On behalf of its airport members, Airports Council International (ACI) Europe has welcomed the European Commission’s proposal to return to normal airport slot usage rules for the upcoming Winter 22/23 season. The trade association is now calling on the EU Council and the European Parliament to support this proposal and expedite its approval.
The reinstated rules mean airlines will be required to use airport slots they have been allocated for 80% of the time in order to keep them during the following corresponding season. According to ACI Europe this will put an end to successive usage alleviation measures that have been in place since Spring 2020.
“Airports understood and accepted the need for slot waivers for airlines during the pandemic,” said Olivier Jankovec, ACI Europe’s DG. “However, there is no question these waivers also came with forgone connectivity and forgone revenues for airports.”
The return to the 80:20 slot usage rule reflects the need to shift from protecting the airport slot portfolios of incumbent airlines to promoting an effective use of airport capacity and the restoration of Europe’s vital air connectivity – now that COVID-19 travel restrictions have been largely eased or even abolished both within Europe and in most other world regions.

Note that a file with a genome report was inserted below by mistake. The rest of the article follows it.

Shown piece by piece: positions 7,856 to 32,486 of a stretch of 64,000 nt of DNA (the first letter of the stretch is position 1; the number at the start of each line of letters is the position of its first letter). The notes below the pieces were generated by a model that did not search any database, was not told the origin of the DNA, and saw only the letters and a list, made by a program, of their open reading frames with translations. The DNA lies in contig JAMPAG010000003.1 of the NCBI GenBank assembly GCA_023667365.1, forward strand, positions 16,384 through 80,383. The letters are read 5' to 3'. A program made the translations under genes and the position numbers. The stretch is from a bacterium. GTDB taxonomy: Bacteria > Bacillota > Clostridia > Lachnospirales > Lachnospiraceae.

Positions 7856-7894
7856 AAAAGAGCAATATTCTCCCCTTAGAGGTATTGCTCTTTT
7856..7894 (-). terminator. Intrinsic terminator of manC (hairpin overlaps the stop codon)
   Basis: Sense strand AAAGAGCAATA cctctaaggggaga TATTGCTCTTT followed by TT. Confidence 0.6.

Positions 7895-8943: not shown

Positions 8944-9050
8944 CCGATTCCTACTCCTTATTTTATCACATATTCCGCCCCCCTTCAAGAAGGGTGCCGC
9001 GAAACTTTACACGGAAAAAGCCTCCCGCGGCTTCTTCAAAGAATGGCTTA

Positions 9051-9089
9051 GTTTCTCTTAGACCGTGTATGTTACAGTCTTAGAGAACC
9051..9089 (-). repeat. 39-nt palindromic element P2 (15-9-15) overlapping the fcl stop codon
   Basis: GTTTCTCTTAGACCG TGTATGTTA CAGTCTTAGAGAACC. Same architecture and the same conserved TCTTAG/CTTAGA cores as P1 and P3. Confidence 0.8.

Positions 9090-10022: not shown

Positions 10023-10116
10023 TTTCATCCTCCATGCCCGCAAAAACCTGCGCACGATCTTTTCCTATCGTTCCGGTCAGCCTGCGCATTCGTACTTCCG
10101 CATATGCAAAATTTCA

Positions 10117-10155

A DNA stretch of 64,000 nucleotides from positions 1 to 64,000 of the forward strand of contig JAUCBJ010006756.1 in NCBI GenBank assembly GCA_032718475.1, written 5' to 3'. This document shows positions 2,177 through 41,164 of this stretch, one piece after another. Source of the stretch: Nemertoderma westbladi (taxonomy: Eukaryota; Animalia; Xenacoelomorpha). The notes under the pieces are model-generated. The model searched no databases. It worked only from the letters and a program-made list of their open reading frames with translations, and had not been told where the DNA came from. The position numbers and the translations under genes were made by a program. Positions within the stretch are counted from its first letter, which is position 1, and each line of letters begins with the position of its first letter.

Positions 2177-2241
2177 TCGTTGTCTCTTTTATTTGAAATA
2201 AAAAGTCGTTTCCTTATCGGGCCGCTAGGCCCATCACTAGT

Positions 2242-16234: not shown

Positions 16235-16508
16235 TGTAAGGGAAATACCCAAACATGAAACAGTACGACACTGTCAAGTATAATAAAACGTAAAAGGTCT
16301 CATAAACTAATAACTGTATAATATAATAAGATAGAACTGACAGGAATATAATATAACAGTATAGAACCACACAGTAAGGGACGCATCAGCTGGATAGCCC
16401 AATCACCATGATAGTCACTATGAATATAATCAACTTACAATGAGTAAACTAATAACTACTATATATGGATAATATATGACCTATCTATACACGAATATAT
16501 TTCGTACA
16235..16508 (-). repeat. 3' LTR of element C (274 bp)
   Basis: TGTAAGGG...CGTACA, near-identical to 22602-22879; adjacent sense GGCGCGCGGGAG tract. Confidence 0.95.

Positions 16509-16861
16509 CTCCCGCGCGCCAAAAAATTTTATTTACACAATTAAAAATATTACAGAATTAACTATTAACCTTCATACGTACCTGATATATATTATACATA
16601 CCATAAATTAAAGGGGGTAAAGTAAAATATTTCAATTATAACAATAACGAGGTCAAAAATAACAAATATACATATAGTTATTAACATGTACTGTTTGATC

Returning to the normal slot is consistent with the dynamic air traffic recovery underway and says Jankovec, “will give airlines the flexibility and protection they need when faced with travel restriction or the impact of the war on specific markets is the right thing to do now that air traffic is finally recovering.”
While the rest of Europe looks to return to normal airport slot usage rules, earlier this month the UK Government offered airlines a “slot amnesty” allowing them to voluntarily return slots for the Summer 2022 season without prejudicing their future allotments. Airlines were given until Friday 8 July to return their slots, a move which allows them to more realistically align their schedules without the fear of losing their coveted slots, by cancelling flights well ahead of their departure dates to enable both passengers and stakeholders to make alternative plans.